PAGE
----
Center Back: Lewis Dunk (Brighton and Hove Albion)
Much like Seamus Coleman, Dunk is a proper captain, a one-club player who has spent his entire senior career with one club. He's the type of player you'll always find standing on the goal line during a goalmouth scramble, ready to do whatever it takes to keep the ball out of the net. His EPL record-tying four own goals in 2017-18 speak to these efforts and make him a great veteran presence on the bench.
Center Midfielder: Scott Brown (Aberdeen)
For 15 years, nobody has embodied the strange world of the Scottish Premiership better than Scott Brown, a hard-tackling, shit-talking center midfielder who was more likely to pick up a yellow card than a goal (three times more likely, that is). He's a winner — nine league titles in a row demonstrate that — and his passion and leadership make him a perfect fit for this squad.
Center Midfielder: Ben Pearson (Bournemouth)
Ben Pearson is the enforcer. The English midfielder possesses 92 aggression in FIFA and had a three-season run with Preston North End where he accumulated 48 cards in 96 league matches. During this period he missed a whopping 23 games due to card suspensions.
Have a tricky player on the opposing side that needs a swift kick in the ankle? Pearson is your man (not that we condone that type of thing.)
Left Midfielder: James McClean (Wigan Athletic)
A classic one-dimensional player, McClean has carved out a long career at the Premier League and international level by being very good at that one dimension: work rate. The Irishman will run up and down that left wing like his life depends on it, occasionally slowing slightly to put in a crunching tackle or whip in a cross (which usually travels well over the far post.)
Right Midfielder: Marc Albrighton (Leicester City)
If some catastrophe occurs and one of our wingers (and their infinite stamina) has to leave the game, Albrighton is a very serviceable option off the bench. He's a guy that will get you two goals and six assists every year, whipping in dangerous crosses from either wing while still tracking back on defense.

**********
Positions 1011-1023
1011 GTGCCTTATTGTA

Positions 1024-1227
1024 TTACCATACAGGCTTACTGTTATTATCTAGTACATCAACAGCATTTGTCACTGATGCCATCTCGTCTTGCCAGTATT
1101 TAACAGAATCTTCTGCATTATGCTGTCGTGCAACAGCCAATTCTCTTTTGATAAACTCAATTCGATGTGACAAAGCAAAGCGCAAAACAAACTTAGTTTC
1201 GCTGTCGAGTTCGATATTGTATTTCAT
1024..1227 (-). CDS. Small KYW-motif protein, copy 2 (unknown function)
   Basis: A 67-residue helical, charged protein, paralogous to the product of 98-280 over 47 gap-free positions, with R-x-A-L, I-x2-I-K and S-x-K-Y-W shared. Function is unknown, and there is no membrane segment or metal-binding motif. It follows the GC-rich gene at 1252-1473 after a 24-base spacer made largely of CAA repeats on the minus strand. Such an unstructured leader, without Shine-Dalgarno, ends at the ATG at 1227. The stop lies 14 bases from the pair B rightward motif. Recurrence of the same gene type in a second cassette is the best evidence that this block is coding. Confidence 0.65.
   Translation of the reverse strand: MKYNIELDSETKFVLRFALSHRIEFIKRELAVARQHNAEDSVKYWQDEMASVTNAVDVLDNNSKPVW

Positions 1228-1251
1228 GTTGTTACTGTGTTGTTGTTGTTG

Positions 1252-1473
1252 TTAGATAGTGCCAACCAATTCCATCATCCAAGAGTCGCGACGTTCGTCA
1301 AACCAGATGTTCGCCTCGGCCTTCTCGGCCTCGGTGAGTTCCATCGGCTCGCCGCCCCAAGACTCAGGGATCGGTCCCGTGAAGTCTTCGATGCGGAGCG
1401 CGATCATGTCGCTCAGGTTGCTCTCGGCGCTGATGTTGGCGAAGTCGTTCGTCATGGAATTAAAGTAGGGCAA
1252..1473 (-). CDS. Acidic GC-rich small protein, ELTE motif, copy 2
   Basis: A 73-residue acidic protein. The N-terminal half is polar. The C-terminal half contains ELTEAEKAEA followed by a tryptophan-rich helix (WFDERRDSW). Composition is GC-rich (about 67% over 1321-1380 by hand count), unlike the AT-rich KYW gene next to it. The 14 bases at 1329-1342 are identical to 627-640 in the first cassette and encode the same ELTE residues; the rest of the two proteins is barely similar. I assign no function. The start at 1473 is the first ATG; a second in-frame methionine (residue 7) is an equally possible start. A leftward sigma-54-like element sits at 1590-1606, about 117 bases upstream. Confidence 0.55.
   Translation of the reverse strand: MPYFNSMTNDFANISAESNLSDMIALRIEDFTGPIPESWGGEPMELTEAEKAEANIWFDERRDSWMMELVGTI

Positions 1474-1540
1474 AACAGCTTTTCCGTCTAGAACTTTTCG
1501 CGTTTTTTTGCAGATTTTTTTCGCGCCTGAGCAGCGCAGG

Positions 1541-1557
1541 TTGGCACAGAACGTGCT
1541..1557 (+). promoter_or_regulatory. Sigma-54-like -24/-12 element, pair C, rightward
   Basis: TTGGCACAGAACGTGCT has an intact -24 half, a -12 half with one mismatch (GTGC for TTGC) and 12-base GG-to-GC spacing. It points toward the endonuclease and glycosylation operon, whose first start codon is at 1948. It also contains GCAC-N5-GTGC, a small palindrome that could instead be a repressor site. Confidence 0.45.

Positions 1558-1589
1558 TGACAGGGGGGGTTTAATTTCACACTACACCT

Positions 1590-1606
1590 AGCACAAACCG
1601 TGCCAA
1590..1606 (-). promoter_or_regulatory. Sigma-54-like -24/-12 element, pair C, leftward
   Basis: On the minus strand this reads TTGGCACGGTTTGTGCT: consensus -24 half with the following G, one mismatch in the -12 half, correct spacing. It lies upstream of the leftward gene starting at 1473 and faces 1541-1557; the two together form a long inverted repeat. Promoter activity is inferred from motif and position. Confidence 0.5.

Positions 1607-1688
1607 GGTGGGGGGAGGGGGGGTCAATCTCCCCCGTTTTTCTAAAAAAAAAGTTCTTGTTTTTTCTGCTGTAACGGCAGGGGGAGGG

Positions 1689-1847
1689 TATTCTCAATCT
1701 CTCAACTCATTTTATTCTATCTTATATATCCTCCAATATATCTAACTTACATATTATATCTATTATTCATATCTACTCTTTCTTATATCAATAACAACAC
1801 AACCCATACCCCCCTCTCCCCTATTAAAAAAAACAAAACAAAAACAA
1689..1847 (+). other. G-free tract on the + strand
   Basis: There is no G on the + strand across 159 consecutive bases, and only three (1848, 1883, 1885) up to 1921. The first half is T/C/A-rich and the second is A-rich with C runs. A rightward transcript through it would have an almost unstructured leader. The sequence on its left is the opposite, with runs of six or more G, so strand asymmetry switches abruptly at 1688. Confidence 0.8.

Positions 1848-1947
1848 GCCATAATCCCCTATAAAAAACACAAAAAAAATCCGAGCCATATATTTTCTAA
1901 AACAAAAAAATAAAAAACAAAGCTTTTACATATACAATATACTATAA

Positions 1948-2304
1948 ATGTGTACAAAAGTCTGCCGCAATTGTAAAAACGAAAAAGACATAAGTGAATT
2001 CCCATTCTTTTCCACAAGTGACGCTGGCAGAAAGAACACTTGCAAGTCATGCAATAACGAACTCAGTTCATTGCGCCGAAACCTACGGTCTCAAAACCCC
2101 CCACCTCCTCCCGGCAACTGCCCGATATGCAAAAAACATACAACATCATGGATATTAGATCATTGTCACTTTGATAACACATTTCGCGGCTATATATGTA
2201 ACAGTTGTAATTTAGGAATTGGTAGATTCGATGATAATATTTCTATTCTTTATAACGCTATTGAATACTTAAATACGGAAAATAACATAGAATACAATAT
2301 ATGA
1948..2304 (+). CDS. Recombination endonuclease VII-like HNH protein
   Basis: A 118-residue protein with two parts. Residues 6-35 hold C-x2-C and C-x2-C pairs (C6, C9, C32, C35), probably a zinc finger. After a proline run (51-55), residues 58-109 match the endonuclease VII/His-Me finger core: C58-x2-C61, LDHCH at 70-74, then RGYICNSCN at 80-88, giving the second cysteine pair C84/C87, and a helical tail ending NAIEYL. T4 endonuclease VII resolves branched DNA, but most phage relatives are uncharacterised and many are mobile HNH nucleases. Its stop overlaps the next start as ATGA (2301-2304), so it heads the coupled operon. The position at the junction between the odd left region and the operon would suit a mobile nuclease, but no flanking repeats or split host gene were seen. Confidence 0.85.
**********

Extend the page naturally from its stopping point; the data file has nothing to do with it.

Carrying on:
Striker: Kieffer Moore (Cardiff City)
If your life depended on it and you needed one current player to win a header, who would you choose? If you say anyone other than Kieffer Moore you might as well start saying your goodbyes. The 6 feet 5 inches tall behemoth has dominated English (and Welsh) Airways in a way that Peter Crouch could only dream of.
Last season the Cardiff striker contested an astounding 17.7 aerial duels per match — five more than Crouchy at his peak — and he was a big reason behind Cardiff's league-leading 26 set-piece goals. The Welshman scored seven set-piece goals himself and 20 goals overall, not bad for a striker who started his career for Paignton Saints in the South Devon League Division Two (14th tier (!) of English soccer). Now he plays for one of the ultimate Brexit Ball sides.
Striker: Daryl Dike (West Bromwich Albion)
Last week I wrote that Daryl took to the EFL Championship last season like "a Minnesota ice-fisherman takes to a frozen lake," as perhaps no player has ever been a better fit for the English second-tier. While on loan at Barnsley, the American scored nine times in 19 matches, taking the Tykes to within 180 minutes of just their second Premier League season ever.
Now he has teamed up again with Valérien Ismaël — his old boss at Barnsley — after making a permanent move to West Brom at the start of the winter transfer window. At 6 feet 2 two inches and 220 pounds, Dike has the size and strength of an American football player and the finishing touch of a Premier League striker, making him a nightmare for any defender.
Striker: Adebayo Akinfenwa (Wycombe Wanderers)
There might not be a lot of technical quality on this bench, but I'll guarantee you one thing: you won't want to see any of these strikers in the last 15 minutes of a match. Akinfenwa is a case study for what would happen if you took a decent lower-league footballer and put him on a 15-year powerlifting program.
The Englishman has been the strongest man in FIFA an incredible 12 seasons in a row, and except for a nine-month foray in the EFL Championship in 2020-21, Akinfenwa has spent all of those years in League One and League Two.
Across 1,282 league minutes last year, Akinfenwa contested 402 aerial duels — about one every three minutes. Extrapolate that to a full match, and the Englishman averaged 28.2 aerial duels per 90 minutes. Phenomenal stuff.
Striker: Andy Carroll (Reading)
There's no way around it: Andy Carroll is not good anymore, nor has he been decent since probably about 2017. That being said; when you think of mediocre English football, no player embodies that conglomerate more than Andy Carroll.
Between 2017 and 2021, the former Liverpool man went two-and-a-half seasons (42 matches and 1,345 minutes) without scoring a league goal. His inclusion in this squad is a tribute to all the ordinary footballers that came before him who became massively overrated because they were English.